Everyone loves and remembers the parables of Jesus. The scenes He paints are so vivid and lifelike that they are deeply embedded in the Bible-reading public's common store of reference. If someone mentions the Good Samaritan, the Pearl of Great Price or Lazarus and the Rich Man, nearly everyone knows what he is talking about.
No one denies that Jesus' parables, especially, contain insights of wisdom and practical Christian living that are universally applicable to us. Who would argue against Christ's admonition to grow spiritually through His gifts in the Parable of the Talents? Who could miss the illustration of God the Father's love for even His wayward children in the Parable of the Prodigal Son? What a void we would have in our spiritual understanding without the pointed instruction on faith and prayer in the Parable of the Importunate Widow!
What is more controversial, however, is the link between parables and prophecy. Like the Psalms, parables often have the dual roles of instructing and prophesying, although one may be more apparent. Members of God's church often take this fact for granted, whereas someone outside might balk at the thought. For instance, most of us have no trouble seeing the prophetic implications of the Parable of the Ten Virgins in relation to the church's spiritual malaise over the last few decades. The Baptist or Methodist down the block, however, thinks we have simply read our history into the parable.
Are we correct in seeing prophecy in parables—or are we fooling ourselves?
What Are Parables?
Before we continue we must ask, "What is a parable?" Common theological reference books give us the basic facts:
» A picturesque figure of language in which an analogy refers to a similar but different reality. (The Oxford Companion to the Bible, p. 567)
» A form of teaching which presents the listener with interesting illustrations from which can be drawn moral and religious truths. (The New Bible Dictionary, p. 877)
» Stories . . . told to provide a vision of life, especially life in God's kingdom. Parable means a putting alongside for purposes of comparison and new understanding. Parables utilize pictures such as metaphors or similes and frequently extend them into a brief story to make a point or disclosure. (The Holman Bible Dictionary, p. 1071)
» A metaphor or simile often extended to a short narrative; in biblical contexts almost always formulated to reveal and illustrate the kingdom of God. (International Standard Bible Encyclopedia, vol. 3, p. 655-656)
Vine's Expository Dictionary of New Testament Words has the most comprehensive definition and explanation:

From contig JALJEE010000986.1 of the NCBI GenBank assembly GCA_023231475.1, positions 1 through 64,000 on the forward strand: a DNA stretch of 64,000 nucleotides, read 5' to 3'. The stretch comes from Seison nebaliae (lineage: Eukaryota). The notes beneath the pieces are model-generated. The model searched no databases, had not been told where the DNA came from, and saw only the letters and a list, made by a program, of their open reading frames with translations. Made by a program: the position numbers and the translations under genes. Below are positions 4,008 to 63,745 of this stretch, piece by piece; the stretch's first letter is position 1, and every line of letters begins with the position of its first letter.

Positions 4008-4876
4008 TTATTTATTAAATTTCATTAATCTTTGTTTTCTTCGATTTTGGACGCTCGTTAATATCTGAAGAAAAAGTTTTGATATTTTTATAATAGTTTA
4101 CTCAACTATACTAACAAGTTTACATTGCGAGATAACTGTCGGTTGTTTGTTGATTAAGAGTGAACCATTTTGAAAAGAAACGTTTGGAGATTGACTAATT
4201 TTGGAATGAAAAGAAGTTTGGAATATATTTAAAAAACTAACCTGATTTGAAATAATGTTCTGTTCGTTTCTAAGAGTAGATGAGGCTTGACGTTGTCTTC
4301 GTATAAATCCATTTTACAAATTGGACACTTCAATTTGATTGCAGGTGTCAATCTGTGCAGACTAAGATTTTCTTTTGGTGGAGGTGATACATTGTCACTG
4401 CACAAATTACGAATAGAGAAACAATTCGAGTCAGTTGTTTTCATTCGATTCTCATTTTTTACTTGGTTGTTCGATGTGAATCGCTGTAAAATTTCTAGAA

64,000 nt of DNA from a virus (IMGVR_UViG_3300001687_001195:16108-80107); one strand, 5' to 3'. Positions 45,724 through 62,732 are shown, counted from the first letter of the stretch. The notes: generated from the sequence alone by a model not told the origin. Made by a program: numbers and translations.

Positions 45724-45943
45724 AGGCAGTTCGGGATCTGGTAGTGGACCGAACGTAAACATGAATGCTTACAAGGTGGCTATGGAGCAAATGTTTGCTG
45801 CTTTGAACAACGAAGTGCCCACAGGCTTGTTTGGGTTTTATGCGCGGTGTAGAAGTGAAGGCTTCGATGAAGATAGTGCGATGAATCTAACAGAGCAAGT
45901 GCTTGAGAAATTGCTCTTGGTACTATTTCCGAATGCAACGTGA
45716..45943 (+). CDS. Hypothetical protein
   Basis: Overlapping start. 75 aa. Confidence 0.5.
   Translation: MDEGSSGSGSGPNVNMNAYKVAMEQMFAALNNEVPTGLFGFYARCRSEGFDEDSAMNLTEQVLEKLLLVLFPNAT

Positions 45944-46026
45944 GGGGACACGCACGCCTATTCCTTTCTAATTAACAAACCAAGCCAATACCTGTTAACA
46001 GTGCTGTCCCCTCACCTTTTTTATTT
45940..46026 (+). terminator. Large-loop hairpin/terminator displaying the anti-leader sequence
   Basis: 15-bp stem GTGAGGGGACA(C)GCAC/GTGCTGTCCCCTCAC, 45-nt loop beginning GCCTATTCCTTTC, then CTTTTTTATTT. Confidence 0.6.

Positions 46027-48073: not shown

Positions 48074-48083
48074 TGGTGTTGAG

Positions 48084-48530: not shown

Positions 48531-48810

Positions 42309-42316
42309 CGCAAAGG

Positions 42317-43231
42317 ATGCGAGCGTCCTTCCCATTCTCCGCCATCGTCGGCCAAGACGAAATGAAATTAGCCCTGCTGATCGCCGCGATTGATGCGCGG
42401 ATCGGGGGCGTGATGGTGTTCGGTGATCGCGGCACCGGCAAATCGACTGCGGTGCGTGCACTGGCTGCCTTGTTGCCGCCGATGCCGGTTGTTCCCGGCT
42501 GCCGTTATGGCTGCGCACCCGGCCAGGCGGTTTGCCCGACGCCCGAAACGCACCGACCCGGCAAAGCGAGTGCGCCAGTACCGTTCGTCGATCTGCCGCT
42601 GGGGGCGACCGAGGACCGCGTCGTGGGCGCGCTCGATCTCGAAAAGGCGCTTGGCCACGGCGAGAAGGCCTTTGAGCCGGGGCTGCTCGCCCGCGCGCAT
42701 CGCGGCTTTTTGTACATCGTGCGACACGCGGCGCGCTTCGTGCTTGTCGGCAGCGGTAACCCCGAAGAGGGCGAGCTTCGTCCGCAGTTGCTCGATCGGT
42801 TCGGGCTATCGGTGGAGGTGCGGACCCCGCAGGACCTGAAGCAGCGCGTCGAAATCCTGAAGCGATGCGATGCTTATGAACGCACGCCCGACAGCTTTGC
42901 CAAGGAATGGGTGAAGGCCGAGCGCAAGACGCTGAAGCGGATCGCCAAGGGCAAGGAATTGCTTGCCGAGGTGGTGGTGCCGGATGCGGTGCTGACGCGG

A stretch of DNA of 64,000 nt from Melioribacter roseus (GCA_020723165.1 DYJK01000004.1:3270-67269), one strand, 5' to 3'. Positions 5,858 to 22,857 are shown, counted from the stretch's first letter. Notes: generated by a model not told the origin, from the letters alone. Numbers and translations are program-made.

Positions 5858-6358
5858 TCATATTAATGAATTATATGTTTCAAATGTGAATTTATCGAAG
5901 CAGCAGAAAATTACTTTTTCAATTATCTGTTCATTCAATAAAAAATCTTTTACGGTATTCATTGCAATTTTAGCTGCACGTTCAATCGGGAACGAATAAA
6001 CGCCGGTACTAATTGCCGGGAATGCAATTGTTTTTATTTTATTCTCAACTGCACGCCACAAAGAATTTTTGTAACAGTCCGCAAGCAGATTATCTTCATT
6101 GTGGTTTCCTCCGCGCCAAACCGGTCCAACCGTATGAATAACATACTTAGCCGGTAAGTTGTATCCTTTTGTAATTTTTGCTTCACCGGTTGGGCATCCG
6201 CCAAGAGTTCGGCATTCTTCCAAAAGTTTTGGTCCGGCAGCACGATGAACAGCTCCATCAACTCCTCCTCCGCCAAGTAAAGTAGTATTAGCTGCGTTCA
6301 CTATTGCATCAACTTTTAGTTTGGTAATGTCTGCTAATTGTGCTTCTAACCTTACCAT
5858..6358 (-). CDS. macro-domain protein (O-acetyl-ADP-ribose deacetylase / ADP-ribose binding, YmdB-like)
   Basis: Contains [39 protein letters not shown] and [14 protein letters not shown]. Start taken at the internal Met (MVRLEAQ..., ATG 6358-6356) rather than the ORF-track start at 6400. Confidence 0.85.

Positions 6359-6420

Lit. denotes a placing beside. . . . It signifies a placing of one thing beside another with a view to comparison. . . . It is generally used of a somewhat lengthy utterance or narrative drawn from nature or human circumstances, the object of which is to set forth a spiritual lesson. It is the lesson that is of value; the hearer must catch the analogy if he is to be instructed. . . . Such a narrative or saying, dealing with earthly things with a spiritual meaning, is distinct from a fable, which attributes to things what does not belong to them in nature. . . . Two dangers are to be avoided in seeking to interpret the parables in Scripture, that of ignoring the important features, and that of trying to make all the details mean something. (p. 840)
Jesus makes it plain that parables cannot be fully understood unless the meaning is revealed (Matthew 13:10-17). He gave parables to hide the true meaning. Because the people of this world have closed their eyes and ears to God's instruction, He speaks to them in mysteries that cannot be solved without His Holy Spirit. "But blessed are your eyes . . . and your ears" because we have the Holy Spirit (verse 16; see I Corinthians 2:6-16)!
We need one other element to understand parables properly: the rest of the Bible! Herbert W. Armstrong often compared the Bible to a giant jigsaw puzzle, and when we fit all the pieces together in their proper order, the plan of God and His way of life become so plain! Combining the Holy Spirit and the revelation of the Bible, the mysteries disappear.
However, God does not make it easy for us. He has jumbled the pieces of the puzzle. Isaiah writes:
"Whom will he teach knowledge? And whom will he make to understand the message? Those just weaned from milk? Those just drawn from the breasts? For precept must be upon precept, precept upon precept, line upon line, line upon line, here a little, there a little." For with stammering lips and another tongue He will speak to this people, to whom He said, "This is the rest with which you may cause the weary to rest," and, "This is the refreshing"; yet they would not hear. But the word of the LORD was to them, "Precept upon precept, precept upon precept, line upon line, line upon line, here a little, there a little," that they might go and fall backward, and be broken and snared and caught. (Isaiah 28:9-13)